With the more solid sounding copies, the lower mids are full and rich; above them, the next “level up” so to speak, there’s plenty of space in which to fit all the instruments and voices comfortably, not piling them one on top of another as is often the case. Consequently, the upper midrange area does not get overloaded and overwhelmed with musical information.
Number Two: edgy vocals, which is related to Number One above. Any copy short of our White Hot Shootout Winner will have at least some edge to the vocals. The band wants to really belt it out in the choruses, and they do. But the best copies keep the edge under control, without sounding compressed, dark, dull or smeary.
The highest quality equipment, on the hottest Hot Stamper copies, will play the loudest and most difficult to reproduce passages with virtually no edge, grit or grain, even at very loud levels.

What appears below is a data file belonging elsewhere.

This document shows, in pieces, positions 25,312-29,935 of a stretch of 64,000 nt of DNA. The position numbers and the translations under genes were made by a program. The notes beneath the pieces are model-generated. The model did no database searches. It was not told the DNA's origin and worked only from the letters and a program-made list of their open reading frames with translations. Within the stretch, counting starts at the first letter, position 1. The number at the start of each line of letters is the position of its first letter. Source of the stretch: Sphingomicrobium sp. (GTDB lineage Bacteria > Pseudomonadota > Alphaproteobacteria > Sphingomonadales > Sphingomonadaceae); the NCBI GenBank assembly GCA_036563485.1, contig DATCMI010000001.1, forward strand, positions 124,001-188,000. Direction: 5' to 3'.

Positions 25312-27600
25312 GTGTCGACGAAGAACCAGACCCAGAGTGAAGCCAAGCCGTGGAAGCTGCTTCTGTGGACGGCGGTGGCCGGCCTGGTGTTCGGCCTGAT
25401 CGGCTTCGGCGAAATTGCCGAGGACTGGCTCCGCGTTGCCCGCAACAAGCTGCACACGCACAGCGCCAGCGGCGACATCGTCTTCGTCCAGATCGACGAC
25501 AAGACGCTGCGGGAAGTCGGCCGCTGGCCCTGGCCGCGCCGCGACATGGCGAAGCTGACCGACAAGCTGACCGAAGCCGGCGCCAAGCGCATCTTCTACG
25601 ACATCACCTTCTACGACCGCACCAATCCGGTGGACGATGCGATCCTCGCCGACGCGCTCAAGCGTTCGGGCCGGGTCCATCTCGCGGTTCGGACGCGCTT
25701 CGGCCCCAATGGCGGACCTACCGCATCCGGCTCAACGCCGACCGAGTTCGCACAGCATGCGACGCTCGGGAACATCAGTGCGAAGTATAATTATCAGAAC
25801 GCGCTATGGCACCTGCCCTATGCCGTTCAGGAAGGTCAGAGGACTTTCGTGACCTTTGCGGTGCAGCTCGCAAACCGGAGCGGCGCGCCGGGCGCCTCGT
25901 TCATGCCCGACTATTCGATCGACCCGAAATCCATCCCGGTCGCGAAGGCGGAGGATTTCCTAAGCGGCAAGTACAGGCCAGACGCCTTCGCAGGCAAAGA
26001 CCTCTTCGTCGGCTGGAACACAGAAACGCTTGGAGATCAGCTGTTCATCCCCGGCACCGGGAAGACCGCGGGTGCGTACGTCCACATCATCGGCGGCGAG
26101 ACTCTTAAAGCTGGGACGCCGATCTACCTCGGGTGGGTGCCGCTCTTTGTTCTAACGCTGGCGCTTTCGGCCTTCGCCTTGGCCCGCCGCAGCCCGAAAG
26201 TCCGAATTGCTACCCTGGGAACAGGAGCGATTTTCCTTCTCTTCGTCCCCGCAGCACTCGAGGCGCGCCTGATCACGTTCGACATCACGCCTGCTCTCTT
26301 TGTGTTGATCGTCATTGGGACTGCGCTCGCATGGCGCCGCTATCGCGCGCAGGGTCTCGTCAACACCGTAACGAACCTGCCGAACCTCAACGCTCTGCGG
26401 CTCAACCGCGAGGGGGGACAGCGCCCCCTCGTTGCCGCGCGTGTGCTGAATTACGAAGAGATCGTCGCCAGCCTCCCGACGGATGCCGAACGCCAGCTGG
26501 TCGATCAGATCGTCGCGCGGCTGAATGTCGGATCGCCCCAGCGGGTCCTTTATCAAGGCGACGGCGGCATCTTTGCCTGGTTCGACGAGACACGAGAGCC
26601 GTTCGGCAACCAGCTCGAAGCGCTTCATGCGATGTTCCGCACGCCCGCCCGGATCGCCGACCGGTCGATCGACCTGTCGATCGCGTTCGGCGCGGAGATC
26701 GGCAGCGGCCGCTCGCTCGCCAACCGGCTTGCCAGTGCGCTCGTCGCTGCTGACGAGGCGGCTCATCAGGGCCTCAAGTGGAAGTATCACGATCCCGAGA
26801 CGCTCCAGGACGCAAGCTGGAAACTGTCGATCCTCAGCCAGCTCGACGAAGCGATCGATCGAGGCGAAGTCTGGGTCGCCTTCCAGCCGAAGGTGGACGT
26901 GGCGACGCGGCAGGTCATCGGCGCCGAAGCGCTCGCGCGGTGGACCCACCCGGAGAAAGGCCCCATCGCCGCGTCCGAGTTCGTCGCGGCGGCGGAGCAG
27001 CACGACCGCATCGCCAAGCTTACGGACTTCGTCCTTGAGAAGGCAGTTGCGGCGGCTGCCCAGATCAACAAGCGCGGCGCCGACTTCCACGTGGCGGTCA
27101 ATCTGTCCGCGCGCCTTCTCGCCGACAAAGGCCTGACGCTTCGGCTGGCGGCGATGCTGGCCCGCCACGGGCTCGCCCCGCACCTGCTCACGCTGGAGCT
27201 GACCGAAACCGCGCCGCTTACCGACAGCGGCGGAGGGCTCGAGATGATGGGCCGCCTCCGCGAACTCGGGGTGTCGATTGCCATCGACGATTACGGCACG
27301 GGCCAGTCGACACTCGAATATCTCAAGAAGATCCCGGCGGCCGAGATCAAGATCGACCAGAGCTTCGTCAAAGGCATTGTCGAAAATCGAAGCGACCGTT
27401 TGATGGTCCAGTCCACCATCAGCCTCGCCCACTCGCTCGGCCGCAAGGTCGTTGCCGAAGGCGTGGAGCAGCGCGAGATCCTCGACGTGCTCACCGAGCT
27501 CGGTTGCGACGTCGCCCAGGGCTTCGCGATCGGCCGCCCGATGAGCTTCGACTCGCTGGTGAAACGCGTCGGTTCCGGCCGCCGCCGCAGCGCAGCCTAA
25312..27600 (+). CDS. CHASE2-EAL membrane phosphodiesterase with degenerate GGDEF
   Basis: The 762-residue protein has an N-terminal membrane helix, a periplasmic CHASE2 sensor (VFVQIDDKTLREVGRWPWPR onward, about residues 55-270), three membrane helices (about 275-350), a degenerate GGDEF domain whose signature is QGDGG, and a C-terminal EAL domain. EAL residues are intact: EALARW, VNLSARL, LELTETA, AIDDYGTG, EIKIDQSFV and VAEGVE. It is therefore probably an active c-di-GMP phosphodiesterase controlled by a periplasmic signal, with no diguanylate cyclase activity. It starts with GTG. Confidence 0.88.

One of the qualities that we don't talk about on the site nearly enough is the SIZE of the record's presentation. Some copies of the album just sound small -- they don't extend all the way to the outside edges of the speakers, and they don't seem to take up all the space from the floor to the ceiling. In addition, the sound can often be recessed, with a lack of presence and immediacy in the center.
Other copies -- my notes for these copies often read "BIG and BOLD" -- create a huge soundfield, with the music positively jumping out of the speakers. They're not brighter, they're not more aggressive, they're not hyped-up in any way, they're just bigger and clearer.